How to Find a Good Marriage Counselor
Your marriage is in trouble and you need a good marriage counselor. Here's how to find one and what to expect out of marriage counseling.
Edited from a chapter in 5 Steps to Romantic Love.
The information described on this page will assist you in finding a good marriage counselor.
My books and articles provide you with methods and tools that have proven useful to me in saving marriages. But even the best concepts and forms in the world won't help under certain conditions. Sometimes you need the support and motivation that only a professional marriage counselor can provide.
The purpose of a marriage counselor, from my perspective, is to guide you through (1) emotional minefields, (2) motivational swamps and (3) creative wildernesses.
The emotional minefields represent the predictable, yet overwhelmingly painful experiences that many couples go through as they try to adjust to each other's emotional reactions. Hurt feelings are the most common, but depression, anger, panic, paranoia, and many others seem to pop up without warning. These emotions distract couples from their goal of creating romantic love and often sabotage the entire effort.
A good marriage counselor helps couples avoid many of these emotional landmines and is there for damage control when they're triggered. He/she does this by understanding the enormous stress couples are under as they are facing one of their greatest crises. When one or both spouses become emotionally upset, he/she has the skill to diagnose and treat the emotional reactions effectively. I counsel with a psychiatrist who prescribes psychotropic medication (anti-anxiety and anti-depressants) to alleviate the emotional pain that often accompanies the process of marital adjustment. A good counselor knows how to calm the couple down and assure them that their emotional reactions are not a sign of hopeless incompatibility.
The motivational swamps represent the feeling of discouragement that most couples experience. They often feel that any effort to improve their marriage is a waste of time. Over the years, I believe that one of my greatest contribution to couples has been my encouragement when things looked bleak. My clients knew that at least their counselor believed that their effort would be successful. Eventually, each spouse would come to believe it too.
Discouragement is contagious. When one spouse is discouraged, the other quickly follows. Encouragement, on the other hand, is often met with skepticism by the other spouse. So its easy to be discouraged, and difficult to be encouraged, when you are trying to solve marital problems. A marriage counselor should be there to provide needed encouragement when there's none other in sight.
The creative wilderness represents the typical inability of couples in marital crisis to create solutions to their problems. In the books I've written, many solutions are suggested but they're only the tip of the iceberg. Many marital problems require solutions that are unique to certain circumstances. In this site, I put more emphasis on the process you should follow to solve marital problems than I do on the specific strategy you should use. That's because there are too many situations that require unique strategies.
A good marriage counselor is a good strategy resource. While you can, and should, also think of ways to solve your marital problems, a marriage counselor should know how to solve problems like yours. That's what you pay him/her to do! And his strategy should make sense to you. In fact, his strategy should encourage you in the belief that your problems will be over soon. Counselors often obtain special training for many common marital problems, such as sexual incompatibility and financial conflicts. These counselors can document a high rate of success in finding solutions to those problems.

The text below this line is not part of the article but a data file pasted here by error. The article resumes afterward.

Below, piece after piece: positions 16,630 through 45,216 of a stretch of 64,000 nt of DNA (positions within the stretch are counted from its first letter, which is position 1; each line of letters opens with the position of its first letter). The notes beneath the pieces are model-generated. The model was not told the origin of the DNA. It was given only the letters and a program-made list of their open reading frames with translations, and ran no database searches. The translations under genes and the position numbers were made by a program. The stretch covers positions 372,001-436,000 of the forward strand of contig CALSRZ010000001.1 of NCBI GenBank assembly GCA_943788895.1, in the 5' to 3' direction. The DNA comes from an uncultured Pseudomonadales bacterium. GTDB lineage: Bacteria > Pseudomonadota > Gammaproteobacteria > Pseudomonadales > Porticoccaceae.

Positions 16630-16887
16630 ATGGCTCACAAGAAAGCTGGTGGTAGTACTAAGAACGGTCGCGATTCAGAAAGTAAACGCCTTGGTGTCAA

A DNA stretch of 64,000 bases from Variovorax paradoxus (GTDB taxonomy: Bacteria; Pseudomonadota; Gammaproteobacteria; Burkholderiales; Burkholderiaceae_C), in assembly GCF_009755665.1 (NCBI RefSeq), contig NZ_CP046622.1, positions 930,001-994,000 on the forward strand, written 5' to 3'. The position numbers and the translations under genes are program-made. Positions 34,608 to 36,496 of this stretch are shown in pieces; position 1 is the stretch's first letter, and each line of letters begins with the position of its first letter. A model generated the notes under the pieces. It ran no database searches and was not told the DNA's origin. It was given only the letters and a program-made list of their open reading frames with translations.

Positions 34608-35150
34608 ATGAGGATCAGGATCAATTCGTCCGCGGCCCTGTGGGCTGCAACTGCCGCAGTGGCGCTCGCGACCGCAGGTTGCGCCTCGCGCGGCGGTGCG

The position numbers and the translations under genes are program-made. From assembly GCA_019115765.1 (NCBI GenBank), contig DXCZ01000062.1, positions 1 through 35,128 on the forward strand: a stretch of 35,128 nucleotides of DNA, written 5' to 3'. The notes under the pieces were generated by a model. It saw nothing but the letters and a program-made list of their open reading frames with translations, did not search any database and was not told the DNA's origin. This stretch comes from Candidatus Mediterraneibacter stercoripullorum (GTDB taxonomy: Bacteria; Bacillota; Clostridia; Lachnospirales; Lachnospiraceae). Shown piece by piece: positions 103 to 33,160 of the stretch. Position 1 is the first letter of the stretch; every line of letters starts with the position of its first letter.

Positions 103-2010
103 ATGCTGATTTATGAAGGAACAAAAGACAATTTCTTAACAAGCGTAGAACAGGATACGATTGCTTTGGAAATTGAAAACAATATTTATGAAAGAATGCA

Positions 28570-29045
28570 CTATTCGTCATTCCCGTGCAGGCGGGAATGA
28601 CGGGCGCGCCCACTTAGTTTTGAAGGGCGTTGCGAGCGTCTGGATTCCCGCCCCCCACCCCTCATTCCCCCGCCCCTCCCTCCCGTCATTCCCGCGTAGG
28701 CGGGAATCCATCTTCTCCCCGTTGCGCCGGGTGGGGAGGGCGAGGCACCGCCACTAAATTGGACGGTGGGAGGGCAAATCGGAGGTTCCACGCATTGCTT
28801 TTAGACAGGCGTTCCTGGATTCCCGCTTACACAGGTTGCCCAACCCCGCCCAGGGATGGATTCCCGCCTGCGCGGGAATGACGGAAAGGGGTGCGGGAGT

To summarize, the three most important reasons to find a marriage counselor are (1) to help you avoid or overcome painful emotional reactions to the process of solving marital problems, (2) to motivate you to complete your plan to restore romantic love to your marriage, and (3) to help you think of strategies that will achieve your goal.
If you can handle your emotional reactions, provide your own motivation and can think of appropriate strategies, you don't need a marriage counselor. In fact, I suggest that you try solving your problem on your own until you hit a roadblock. But if your efforts hit a snag, find a professional marriage counselor to help you. Marital problems are too dangerous to ignore, and their solutions are too important to overlook.
The yellow pages is probably one of the most common places to discover where to find marriage counselors. Your physician or minister may also be able make suggestions. But the most reliable sources of referral are people who have already seen a counselor that has successfully guided them to romantic love. Since couples are usually tight-lipped about their marital problems, that kind of referral is usually difficult to obtain.
Regardless of your source of referral, however, you should take steps to be certain that you select someone who can help you. And remember, the counselor who can help your marriage helps both you and your spouse. If at all possible, make sure your spouse is an active participant in this selection process.
Begin by calling one clinic at a time, asking the receptionist to speak to the counselor you are considering by telephone. There should be no charge for this preliminary interview. You should ask the counselor some of the following questions:
- How many years have you been a counselor?
- What are your credentials (e.g. academic degree)?
- Do you help your clients avoid some of the emotional hazards of marital adjustment?
- Do you help motivate your clients to complete the program successfully?
- Do you suggest strategies to solve your clients' marital problems?
You may wish to add other relevant questions. You may also try to let the counselor know what type of marital problem you have. After going through this site, you'll probably have more insight regarding your problem than counselors are accustomed to hearing. Use that insight to discover if the counselor has the background and skill to help you with your particular problem.